- run from the present Greek po-
sitions straight into the heart of Al-
bania and thence to the Adriatic.
In Koritza, the troops surrendered
the task of policing the city to 350,
gendarmes. Their instructions were
to restore civil life in the city to nor-1
mal as soon as possible.
Leahy Chosen
French Envoy
By President
New Ambassador Takes
Over Bullitt's Position;
Vichy Cabinet Pleased
HYDE PARK, N.Y., Nov. 23.-U)-
The selection of Admiral William D.
Leahy, retired, as ambassador to
France was announced today by
President Roosevelt.
Leahy, who climaxed a 42-year
career in the Navy by serving as
Chief of Naval Operations from 1937
to 1939, has been Governor of Puer-
to Rico since his retirement a year
The resignation of William C. Bul-
litt, present Ambassador to France,
has been in the President's hands
since Nov. 7. Its acceptance becomes
a matter of course.
Whether Bullitt would be offered
another Government position or
would return to private life, the tem-,
porary White House was not prepared
to say. It had not been determined
either, when Leahy's nomination
would be sent to the Senate. Pre-
sumably, he will be allowed time to
wind up his affairs in Puerto Rico.
Mr. Roosevelt had asked Gen. John
J. Pershing to become envoy to
France because of his close friend-
ship during the World War with
Marshal Henri Petain, head of the
Vichy Government. Pershing's doc-
tors forbade him to accept.
Dispatches from Vichy said offi-
cials there were "delighted" with the

Pauli To Talk
On Statistics,
Atomic Effect
Physics Dept. To Sponsor
Lecture About Nuclear
Relationships Tomorrow
Relations of the atomic nucleus to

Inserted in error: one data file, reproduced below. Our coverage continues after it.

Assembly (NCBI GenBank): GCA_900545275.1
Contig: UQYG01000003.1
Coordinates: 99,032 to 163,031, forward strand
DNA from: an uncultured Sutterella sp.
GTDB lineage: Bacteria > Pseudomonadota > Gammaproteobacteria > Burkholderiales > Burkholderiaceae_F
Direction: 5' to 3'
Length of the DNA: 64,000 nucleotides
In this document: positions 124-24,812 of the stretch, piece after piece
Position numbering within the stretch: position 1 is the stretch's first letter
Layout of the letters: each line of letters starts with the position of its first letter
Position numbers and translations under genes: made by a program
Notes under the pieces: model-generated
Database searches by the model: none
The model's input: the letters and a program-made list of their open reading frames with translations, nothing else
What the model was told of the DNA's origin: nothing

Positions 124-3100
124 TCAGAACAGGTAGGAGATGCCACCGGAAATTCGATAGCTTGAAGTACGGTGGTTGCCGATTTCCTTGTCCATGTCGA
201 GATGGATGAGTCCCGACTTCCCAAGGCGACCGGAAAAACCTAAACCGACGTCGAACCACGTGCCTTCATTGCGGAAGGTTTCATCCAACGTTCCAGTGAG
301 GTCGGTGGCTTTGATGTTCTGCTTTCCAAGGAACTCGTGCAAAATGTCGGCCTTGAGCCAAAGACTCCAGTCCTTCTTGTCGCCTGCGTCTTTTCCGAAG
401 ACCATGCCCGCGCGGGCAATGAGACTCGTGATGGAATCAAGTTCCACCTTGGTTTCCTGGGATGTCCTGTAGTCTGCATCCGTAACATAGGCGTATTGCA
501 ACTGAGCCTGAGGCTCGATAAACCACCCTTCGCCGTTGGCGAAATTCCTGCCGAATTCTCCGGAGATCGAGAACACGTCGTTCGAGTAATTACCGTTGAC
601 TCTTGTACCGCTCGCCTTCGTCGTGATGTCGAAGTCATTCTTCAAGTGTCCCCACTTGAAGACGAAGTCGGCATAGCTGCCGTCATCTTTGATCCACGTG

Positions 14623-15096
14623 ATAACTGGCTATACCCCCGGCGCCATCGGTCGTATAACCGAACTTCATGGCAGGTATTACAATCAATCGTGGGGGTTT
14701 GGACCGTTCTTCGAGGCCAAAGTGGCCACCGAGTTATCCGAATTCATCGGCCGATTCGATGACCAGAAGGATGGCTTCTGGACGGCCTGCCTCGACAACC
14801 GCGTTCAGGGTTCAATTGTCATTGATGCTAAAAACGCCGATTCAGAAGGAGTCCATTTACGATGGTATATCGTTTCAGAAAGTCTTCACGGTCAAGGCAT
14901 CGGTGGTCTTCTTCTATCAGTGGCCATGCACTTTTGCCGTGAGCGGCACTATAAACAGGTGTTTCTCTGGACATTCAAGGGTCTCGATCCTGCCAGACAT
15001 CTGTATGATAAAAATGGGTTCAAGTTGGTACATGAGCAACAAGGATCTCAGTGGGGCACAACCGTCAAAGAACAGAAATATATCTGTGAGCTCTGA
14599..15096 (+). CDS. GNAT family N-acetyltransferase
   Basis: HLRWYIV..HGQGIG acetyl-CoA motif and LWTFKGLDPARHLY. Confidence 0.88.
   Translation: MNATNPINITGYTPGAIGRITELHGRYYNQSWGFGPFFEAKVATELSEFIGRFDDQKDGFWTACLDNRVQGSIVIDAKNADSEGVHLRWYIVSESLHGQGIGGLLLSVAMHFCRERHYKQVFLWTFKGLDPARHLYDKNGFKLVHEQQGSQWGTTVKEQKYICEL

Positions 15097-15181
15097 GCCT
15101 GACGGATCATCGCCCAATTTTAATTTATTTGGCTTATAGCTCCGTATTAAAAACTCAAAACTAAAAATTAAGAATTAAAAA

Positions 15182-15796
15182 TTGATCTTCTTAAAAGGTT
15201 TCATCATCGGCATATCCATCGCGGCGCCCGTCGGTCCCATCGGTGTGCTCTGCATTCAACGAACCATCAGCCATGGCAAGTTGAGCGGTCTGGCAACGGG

statistics will be the subject of a Uni-
versity lecture by Wolfgang Pauli,
Professor of Theoretical Physics at
the Technische Hochschule at Zur-
ich, Switzerland, to be given at 4:15
p.m. tomorrow in the Rackham Am-
phitheatre under the auspices of the
physics department.
Professor Pauli who is now carrying
on work in the theory of atomic nu-
clei at the Institute for Advanced
Studies at Princeton, is noted as the
discoverer of the Pauli Exclusion
Principle which forbids two electrons
within an atom to move in identical
The Pauli Principle has led to a
satisfactory explanation of the Per-
iodic Table for the elements as well
as many results in spectroscopy.
Professor Pauli's lecture will deal
with the relation of the choice of
statistics to the magnitude of the
spin of the atomic nucleus. _____

Contest Features
Inspired Playing
Sellout Crowd Witnesses Power Display
Which Gives Buckeyes Their Worst
Drubbing Since 40-0 Setback In 1905;
Kriomer, 'Evy' Have Share In Scoring
(Special To The Daily)
COLUMBUS, OHIO, Nov. 23.-Michigan's thundering football forces
roared all over the Ohio Stadium today before winding up one of the greatest
years in Wolverine gridiron history.
With brilliant Tom Harmon leading the way, Michigan battered a com-
pletely demoralized Buckeye squad, 40-0, to carry off its seventh triumph of
the campaign.